They took Henri to the vet, and he was prescribed oral medications. In the short term, the prescriptions helped, but “we were in and out of there all the time,” Lori says. “We’d start (the medication), and it’d get under control ... come off of it, and it’d start up again. It was just a vicious cycle.” They were referred to a veterinary dermatologist who administered an allergy test to pinpoint Henri’s allergies.
In addition to seasonal pollens, he was reacting to human dander and horsehair (difficult to avoid, as the Morimotos live on a horse farm). With that knowledge, the veterinarian developed a shot for Henri that the Morimotos give him every five days, and he gets another injection at the dermatologist’s office every six weeks. A potato and whitefish-based diet, an antihistamine and oral medication to minimize itching are now part of his daily routine, and the Morimotos treat him with baths and a topical spray when he has flare-ups.
Challenging to Diagnose, Treat
If all that sounds like a lot of work, it’s because allergies in pets are a bit trickier to treat than they are in humans, says Dr. Chris Cook, a veterinarian specializing in dermatology at several BluePearl pet hospitals in Michigan. While dogs are allergic to most of the same things we are, the ways they’re exposed to the allergens are different, he says. For the most part, we breathe in our allergens, which means air filters and deep cleaning can make a big difference. Dogs, however, pick up allergens through their skin.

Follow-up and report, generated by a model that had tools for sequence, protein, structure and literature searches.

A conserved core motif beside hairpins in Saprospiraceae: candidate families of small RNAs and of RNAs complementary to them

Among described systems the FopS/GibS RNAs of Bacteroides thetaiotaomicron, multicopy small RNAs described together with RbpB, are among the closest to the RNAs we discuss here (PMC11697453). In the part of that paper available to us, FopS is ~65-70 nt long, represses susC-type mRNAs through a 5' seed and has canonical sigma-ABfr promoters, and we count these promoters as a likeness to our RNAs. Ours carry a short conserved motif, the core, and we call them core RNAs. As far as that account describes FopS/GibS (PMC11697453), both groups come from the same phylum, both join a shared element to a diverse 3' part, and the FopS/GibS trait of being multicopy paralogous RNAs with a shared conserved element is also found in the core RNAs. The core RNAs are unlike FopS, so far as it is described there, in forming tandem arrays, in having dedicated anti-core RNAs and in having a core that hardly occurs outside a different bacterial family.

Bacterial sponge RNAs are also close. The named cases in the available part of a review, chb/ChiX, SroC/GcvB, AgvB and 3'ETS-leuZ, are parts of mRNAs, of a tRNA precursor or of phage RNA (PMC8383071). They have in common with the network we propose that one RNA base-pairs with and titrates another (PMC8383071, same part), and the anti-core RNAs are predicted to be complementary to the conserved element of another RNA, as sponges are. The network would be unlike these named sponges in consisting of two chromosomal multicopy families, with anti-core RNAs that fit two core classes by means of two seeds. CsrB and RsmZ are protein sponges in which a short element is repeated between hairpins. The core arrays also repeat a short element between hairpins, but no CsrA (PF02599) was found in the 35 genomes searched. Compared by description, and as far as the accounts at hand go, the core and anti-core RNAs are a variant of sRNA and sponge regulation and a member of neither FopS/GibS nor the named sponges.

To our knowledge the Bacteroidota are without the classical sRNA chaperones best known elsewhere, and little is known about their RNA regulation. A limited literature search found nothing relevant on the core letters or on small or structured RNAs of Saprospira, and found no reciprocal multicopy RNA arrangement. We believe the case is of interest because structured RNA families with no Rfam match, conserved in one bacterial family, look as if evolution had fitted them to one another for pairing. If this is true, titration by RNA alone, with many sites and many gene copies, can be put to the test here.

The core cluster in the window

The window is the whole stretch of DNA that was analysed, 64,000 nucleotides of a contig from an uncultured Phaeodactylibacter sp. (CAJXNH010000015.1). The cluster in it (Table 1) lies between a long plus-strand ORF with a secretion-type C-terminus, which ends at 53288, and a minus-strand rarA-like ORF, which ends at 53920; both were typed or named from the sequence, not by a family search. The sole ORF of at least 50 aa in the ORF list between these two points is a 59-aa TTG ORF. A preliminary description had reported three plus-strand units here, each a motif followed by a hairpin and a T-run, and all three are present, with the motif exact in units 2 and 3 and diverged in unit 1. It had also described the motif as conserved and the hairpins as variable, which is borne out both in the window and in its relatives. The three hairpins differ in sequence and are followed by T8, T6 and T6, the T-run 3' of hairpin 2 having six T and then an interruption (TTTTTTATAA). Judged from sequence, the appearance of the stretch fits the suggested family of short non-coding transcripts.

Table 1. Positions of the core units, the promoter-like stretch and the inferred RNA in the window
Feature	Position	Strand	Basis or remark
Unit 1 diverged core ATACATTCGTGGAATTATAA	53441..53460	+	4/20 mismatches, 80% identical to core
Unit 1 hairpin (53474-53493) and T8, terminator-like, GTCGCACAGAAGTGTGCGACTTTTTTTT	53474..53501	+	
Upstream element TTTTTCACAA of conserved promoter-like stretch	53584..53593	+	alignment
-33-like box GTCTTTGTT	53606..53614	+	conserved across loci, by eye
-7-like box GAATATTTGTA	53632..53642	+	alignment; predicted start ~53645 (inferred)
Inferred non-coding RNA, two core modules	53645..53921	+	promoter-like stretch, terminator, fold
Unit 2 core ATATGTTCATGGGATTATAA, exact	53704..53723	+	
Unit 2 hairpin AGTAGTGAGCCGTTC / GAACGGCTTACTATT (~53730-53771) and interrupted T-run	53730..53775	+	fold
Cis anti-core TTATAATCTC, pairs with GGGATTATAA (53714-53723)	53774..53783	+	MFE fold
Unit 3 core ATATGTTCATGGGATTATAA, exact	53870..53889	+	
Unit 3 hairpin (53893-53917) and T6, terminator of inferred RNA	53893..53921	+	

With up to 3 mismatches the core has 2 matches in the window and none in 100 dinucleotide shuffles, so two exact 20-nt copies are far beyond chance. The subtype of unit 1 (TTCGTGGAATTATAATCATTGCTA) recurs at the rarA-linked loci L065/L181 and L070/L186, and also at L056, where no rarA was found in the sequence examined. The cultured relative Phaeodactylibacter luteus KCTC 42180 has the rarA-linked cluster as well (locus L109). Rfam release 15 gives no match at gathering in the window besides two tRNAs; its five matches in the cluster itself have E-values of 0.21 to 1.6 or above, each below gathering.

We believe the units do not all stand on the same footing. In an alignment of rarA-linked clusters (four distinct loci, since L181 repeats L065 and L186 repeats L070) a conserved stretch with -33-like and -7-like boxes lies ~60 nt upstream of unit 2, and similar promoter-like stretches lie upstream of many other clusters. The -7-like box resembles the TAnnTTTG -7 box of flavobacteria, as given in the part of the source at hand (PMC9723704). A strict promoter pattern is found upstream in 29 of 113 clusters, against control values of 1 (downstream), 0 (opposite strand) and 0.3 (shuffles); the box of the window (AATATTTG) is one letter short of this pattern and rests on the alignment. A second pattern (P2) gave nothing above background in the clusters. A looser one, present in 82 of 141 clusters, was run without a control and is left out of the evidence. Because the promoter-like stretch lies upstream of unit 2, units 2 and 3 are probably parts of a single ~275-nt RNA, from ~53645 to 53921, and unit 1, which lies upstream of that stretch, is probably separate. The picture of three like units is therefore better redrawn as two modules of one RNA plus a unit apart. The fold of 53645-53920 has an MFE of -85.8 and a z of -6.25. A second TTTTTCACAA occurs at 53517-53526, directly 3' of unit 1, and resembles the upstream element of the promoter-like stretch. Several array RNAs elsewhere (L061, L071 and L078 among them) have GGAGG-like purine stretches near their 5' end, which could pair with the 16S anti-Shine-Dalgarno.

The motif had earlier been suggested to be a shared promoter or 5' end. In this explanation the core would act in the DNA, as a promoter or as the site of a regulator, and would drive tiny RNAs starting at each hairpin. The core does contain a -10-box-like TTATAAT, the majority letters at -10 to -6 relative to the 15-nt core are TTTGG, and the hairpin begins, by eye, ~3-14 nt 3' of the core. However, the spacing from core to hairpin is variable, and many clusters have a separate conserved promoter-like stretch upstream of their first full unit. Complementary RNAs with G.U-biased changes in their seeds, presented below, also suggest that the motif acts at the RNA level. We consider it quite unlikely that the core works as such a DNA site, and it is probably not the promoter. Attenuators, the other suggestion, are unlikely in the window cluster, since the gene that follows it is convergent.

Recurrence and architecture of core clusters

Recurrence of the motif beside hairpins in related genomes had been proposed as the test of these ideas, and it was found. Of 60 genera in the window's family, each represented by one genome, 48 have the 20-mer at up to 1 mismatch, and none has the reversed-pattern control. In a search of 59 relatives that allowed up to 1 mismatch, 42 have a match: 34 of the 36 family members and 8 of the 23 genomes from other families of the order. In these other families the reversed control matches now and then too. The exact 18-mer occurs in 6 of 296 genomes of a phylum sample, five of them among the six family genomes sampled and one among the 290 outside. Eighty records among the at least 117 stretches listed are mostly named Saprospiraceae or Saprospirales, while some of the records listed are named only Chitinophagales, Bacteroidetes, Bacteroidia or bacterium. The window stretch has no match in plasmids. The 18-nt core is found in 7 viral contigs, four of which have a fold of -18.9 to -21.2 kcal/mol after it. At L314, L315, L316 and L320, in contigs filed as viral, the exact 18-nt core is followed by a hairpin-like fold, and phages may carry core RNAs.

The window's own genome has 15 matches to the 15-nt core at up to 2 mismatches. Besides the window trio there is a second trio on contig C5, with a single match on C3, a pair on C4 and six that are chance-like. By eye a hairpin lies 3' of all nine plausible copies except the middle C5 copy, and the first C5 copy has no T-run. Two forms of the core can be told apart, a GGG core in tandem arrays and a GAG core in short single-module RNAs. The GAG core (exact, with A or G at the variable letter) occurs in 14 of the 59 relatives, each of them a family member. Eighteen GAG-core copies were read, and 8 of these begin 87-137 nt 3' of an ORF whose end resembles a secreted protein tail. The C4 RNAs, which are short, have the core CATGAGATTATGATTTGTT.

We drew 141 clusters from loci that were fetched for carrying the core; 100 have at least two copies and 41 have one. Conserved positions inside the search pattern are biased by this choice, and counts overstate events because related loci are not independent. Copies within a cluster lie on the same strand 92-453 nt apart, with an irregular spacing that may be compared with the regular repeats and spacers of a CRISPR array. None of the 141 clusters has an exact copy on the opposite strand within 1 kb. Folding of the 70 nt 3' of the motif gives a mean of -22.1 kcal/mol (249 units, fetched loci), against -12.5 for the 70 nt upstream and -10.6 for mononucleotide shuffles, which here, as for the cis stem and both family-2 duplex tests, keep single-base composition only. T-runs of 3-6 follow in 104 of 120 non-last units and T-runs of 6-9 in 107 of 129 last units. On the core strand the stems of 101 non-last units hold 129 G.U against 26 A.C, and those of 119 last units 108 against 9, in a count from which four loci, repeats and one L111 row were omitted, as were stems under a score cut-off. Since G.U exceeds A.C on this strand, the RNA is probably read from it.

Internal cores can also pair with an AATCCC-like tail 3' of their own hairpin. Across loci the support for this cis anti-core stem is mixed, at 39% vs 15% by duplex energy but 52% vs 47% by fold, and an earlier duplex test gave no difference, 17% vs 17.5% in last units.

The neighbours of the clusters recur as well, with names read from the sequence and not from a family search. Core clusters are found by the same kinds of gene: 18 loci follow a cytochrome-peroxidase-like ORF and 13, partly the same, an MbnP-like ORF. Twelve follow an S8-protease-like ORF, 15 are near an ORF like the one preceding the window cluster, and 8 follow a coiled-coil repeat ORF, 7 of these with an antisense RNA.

“That’s their world. They’re living in the biggest concentration of allergens — on the floor or outside on the grass — and they’re walking on it and lying on it all day long,” Cook says. “So I think because of that, it’s a different presentation and probably why it seems to be a lot harder to control in many cases than with people.”
He adds that typically, at an initial appointment for allergy symptoms, a veterinarian will first rule out other causes of itchy skin, such as fleas, infection and food allergies. If seasonal allergies are diagnosed, and shortterm solutions like antihistamines, immunosuppressants and topical remedies aren’t working, the next step is an allergy vaccine. “What you’re doing with a vaccine is you’re trying to retrain the body in essence to learn to not be allergic to these substances,” he says. “You’re retraining the immune system to react to them in a nonallergic way.”
When to Seek Treatment
Even if a dog only suffers for part of the year, you don’t want to wait it out, Cook stresses. Left untreated, a small allergy problem can become more serious. “Once you make that diagnosis, this is a lifelong condition,” he says. “You’re going to be talking about management with something for the rest of that animal’s life. It’s very unlikely that the dog’s going to outgrow those allergies down the road.”
The good news is that with professional help, seasonal allergies can be managed, making everyone happier. It’s certainly worked for Henri. “He is a completely different dog,” Lori says. “He looks beautiful … he’s much more comfortable. You can tell he’s a lot happier dog; he has a little more spunk in his step than when he was sick.”